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Retired publishing executive ecstatic with the idea of spending most of his time on the coast of Maine

Wednesday, September 22, 2010

Northern Maine - Day 1

Our week travelling the great expanses of the north started with the familiar trip from Owls Head to Bangor. Bangor is only 20 miles from the ocean but north of it seems like a different country. It was new to us, certainly, and I can now see why people who live there would just as soon cede the southern part of the state to Massachusetts.

Our route eschewed I-95 and followed Thoreau's trip by stagecoach along the Penobscot River. We travelled in slightly more comfort. At Lincoln we parted ways with the sage and drove east to catch Route 1. I'm pleased to report that those 50 miles of Route 1 between Topsfield and Houlton are bucolic: rolling land, thick woods, small farms and so little traffic that in the whole stretch we neither overtook, nor were passed by, a single car. It was an extra hour well spent.

Quite frankly Houlton isn't much to look at, especially on a Sunday afternoon. The downtown was deserted, except for a few teens hanging out. The bridge over the Meduxnekeag River, however, was quite handsome and, although we didn't realize it at the time, deserves the name Gateway Crossing, for the land to the north becomes truly different.

I also like the fact that the wood comprising the bridge has been left rough and unfinished, a tribute to the great forests that have meant so much to this area.

I-95 stops in Houlton so no justification of time-wasting is necessary. (It was planned to go as far as Caribou, a source of indignation still for the long-suffering people of the north, but personally, I can't imagine a town named Caribou on an interstate.) There was more traffic on Route 1, for here the gorgeous farmlands of the St. John River valley begin. I had thought that perhaps these lands would be like the Midwest farmbelt, but absolutely not: The land is not flat but rolling into hills and in the distance, into mountains like Katahdin, visible from the highway. The fields are not monotonous, but stark and beautiful. The houses are not protected by little copses of trees but sit openly and proudly on the rises of hills. The woods are not afterthoughts, or woodlots, but real forests merging into the great woods to the west, coming right up to the edge of the fields as if the work of humans is clearly seen to have its limits. In the Midwest one has to look at the sky for illimitable views. Or interstates.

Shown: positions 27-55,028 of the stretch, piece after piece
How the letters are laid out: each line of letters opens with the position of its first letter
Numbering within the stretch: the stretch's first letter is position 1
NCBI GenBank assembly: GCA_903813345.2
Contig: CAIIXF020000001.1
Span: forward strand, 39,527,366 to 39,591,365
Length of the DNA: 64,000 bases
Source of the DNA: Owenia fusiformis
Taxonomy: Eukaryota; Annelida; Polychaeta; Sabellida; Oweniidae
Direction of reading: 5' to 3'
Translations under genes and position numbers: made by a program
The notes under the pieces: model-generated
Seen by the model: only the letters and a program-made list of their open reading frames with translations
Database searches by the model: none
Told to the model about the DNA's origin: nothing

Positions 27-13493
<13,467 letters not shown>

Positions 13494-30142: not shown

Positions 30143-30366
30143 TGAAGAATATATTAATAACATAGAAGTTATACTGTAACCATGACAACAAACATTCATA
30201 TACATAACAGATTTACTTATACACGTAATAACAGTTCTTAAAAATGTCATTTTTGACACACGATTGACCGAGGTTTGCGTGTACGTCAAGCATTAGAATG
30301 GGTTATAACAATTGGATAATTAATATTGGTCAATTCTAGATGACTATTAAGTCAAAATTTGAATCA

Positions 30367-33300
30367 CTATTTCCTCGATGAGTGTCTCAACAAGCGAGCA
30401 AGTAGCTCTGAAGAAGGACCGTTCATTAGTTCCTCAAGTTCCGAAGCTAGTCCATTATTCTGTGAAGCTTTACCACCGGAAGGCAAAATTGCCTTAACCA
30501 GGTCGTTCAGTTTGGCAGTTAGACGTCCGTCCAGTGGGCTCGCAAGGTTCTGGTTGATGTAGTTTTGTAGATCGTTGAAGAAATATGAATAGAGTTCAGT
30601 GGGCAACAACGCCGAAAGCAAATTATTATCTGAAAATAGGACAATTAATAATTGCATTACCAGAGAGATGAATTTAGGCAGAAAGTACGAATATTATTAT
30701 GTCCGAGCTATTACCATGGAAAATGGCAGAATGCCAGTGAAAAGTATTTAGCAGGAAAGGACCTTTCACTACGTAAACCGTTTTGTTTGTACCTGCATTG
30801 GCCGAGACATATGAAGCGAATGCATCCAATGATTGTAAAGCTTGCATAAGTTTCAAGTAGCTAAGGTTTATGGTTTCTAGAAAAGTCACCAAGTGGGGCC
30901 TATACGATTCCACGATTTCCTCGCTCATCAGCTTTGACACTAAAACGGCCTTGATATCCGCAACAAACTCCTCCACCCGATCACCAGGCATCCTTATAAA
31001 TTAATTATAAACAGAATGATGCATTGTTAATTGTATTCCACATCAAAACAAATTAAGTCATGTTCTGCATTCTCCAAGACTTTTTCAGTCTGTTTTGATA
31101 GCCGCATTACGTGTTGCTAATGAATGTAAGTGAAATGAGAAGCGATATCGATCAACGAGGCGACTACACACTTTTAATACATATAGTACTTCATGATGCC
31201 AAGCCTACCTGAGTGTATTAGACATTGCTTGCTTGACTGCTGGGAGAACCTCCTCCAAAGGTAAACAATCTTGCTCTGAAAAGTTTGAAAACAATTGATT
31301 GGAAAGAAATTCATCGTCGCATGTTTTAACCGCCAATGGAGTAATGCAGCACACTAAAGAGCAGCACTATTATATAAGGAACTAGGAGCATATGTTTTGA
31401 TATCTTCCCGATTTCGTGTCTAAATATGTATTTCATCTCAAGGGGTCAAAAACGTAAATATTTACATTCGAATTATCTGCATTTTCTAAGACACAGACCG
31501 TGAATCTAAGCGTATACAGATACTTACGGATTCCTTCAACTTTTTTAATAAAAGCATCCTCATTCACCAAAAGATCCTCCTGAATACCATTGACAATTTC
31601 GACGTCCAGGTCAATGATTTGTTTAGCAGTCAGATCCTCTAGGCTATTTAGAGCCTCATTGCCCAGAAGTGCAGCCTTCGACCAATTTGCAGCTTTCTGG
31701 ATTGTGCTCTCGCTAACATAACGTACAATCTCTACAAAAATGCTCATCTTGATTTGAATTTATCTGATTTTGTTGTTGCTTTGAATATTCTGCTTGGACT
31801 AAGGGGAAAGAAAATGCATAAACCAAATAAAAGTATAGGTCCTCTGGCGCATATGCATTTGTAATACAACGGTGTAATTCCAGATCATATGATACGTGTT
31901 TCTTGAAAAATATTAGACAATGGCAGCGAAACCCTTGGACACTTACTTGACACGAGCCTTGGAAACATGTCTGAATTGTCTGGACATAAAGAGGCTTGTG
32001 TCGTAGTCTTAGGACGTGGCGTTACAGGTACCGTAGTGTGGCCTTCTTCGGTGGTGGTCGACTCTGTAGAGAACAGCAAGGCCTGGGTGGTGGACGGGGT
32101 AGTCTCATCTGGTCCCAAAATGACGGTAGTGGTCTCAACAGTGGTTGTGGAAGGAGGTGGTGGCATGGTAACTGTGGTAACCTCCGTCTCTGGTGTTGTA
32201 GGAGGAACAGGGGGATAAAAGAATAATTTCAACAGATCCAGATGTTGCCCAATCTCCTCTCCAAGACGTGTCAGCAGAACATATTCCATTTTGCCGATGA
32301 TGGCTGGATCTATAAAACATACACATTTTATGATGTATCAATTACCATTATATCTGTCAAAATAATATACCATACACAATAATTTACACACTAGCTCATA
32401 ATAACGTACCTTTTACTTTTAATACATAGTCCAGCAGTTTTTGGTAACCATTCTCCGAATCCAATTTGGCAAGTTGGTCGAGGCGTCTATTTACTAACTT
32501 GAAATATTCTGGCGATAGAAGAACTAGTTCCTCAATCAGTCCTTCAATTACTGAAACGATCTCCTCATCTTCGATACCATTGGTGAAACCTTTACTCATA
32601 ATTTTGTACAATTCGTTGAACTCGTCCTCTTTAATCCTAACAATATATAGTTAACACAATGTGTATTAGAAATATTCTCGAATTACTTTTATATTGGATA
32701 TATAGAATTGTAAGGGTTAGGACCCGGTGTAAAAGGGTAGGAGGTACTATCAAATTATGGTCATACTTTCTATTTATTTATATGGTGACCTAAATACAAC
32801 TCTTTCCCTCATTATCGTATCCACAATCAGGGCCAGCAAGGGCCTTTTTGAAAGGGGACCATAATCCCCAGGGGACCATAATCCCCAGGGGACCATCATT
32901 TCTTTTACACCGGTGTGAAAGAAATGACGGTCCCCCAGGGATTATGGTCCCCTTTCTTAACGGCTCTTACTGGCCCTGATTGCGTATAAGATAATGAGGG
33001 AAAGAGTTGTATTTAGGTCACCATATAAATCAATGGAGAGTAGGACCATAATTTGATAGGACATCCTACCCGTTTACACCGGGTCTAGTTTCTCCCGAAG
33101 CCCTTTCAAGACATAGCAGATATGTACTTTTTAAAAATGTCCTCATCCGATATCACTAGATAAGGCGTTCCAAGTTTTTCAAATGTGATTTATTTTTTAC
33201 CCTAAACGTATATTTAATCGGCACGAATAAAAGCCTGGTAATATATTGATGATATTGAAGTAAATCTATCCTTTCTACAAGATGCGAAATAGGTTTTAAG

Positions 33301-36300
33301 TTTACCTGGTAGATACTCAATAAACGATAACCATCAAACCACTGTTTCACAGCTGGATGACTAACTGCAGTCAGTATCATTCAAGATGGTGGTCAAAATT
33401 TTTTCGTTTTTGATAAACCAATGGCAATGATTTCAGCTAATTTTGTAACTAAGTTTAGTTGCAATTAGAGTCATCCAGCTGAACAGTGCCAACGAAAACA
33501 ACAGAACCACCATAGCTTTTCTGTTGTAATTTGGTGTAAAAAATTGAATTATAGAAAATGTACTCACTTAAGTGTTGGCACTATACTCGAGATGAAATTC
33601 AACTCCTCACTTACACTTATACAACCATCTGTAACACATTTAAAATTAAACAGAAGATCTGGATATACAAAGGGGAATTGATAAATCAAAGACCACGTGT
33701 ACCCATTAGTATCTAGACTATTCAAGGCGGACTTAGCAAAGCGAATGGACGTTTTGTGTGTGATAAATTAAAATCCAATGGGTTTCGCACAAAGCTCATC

One major sign of human presence sits on Mars Hill, which rises like a butte out of the river valley. Don't count me among those that find the view of the wind farm beautiful. America's obsession with machines, rather than with values, continues.
A less obtrusive human work is the Maine Solar System model, constructed along Route 1 between Houlton and Presque Isle. The planets are made to scale (Jupiter being about 5 feet in diameter) and the distances between them are also to scale. We managed to see Neptune, Uranus, Saturn and Jupiter, but missed the smaller planets closer to the sun amidst the development of Presque Isle. Earth's model is only 5 inches in diameter, easily lost in the clutter of stores and cars. Pluto is only an inch and is kept inside Houlton's Information Center, as if the planners knew it would be declared a non-planet anyway.
Mars Hill also offered us a first look at Maine's famous potato farms - much more to come!

We stayed the night in the lovely Rum Rapids Inn on the Aroostook River just north of Presque Isle. Our walk for the day was a trek along a snowmobile/ATV track, complete with several ATVs belching noise and exhaust. Well, at least, the operators are getting outside. The track also crossed the river via an ATV bridge, recently re-constructed using, as our innkeeper said, Obama money. If any place in the country needed stimulus, it's the County, although I'm not sure how a trail trumped a road. Of course it's really Bush money, which seems more appropriate for this land of hunters and farmers. We tried to describe our perceptions of Aroostook thus far - the farms large and small, the hills and mountains, the friendly people - to our innkeeper, who said, "Yes, this is actually Canada."

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